If the issue is only with your remote, there are several easy and quick fixes  that won’t require a professional. The most common issues include being out of range, an issue with the antenna, a programming issue, or a dead battery. To ensure you are in range, simply move closer to the garage (easy, right?).
To make sure that the antenna is not causing the issue, make sure that it is hanging down off the unit itself. If those fixes don’t work, try replacing the batteries (see, we told you these were easy!). Finally, if none of those quick and easy fixes eliminate the issue, we suggest reprogramming the remote control.
Although noisy garage doors and issues with garage door openers are some of the most common issues reported by clients, there are plenty of other things that can go wrong when it comes to your garage door. In this section, we will detail some other common issues and how to repair garage doors with these problems.
If you live in a cooler climate, you may have experienced the dreaded frozen garage door  during the winter. The reason that this happens when the temperature dips too low, is that the mechanism of your garage door is stiffened by the freezing weather, which results in a loss of power.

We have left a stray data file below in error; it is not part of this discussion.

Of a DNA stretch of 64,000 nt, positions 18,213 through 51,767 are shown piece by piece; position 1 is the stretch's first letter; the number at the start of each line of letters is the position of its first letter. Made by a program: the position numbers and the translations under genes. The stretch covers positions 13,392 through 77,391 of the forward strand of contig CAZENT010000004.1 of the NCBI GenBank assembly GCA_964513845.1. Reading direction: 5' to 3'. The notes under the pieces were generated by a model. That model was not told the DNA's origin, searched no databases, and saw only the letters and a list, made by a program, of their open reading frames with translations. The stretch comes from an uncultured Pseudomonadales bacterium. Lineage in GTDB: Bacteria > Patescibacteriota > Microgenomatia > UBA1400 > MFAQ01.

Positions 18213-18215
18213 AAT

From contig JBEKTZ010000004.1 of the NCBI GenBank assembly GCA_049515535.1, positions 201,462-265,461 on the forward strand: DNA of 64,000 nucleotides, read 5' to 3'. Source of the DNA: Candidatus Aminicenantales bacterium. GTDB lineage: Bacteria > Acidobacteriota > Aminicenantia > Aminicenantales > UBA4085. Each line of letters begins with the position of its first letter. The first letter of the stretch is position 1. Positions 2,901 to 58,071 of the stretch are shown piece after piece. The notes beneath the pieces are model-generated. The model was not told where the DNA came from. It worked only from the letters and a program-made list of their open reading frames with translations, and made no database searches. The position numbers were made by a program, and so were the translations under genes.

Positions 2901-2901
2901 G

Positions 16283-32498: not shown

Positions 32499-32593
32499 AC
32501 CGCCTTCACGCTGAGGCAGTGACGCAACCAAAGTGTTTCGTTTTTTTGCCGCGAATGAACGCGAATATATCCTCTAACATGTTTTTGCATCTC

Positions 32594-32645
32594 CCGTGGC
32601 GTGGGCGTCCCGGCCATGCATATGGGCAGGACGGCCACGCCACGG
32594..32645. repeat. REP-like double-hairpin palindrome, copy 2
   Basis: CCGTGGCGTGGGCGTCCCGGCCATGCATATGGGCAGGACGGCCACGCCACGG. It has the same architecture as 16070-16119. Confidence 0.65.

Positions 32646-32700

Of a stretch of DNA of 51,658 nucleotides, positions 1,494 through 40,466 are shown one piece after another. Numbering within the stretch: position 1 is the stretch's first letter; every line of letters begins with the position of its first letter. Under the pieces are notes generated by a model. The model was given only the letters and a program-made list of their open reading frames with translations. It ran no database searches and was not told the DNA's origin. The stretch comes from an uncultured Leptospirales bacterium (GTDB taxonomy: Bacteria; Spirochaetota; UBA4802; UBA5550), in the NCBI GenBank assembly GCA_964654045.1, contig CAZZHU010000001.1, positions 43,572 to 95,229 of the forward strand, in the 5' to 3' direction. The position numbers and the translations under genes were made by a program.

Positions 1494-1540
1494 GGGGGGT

However, if your garage door opener was manufactured in the last 15 years, it should include pressure adjustment settings for opening and closing the door. We suggest checking in on and adjusting these pressure adjustment settings seasonally to avoid and eliminate issues with freezing.
Since garage door tracks oftentimes come in direct contact with your damp, concrete garage floor, it is common for them to rust. If this has happened to your garage door, it is an easy issue to fix yourself. You can also move the tracks to rest a little bit above the floor to eliminate the issue of rust in the future.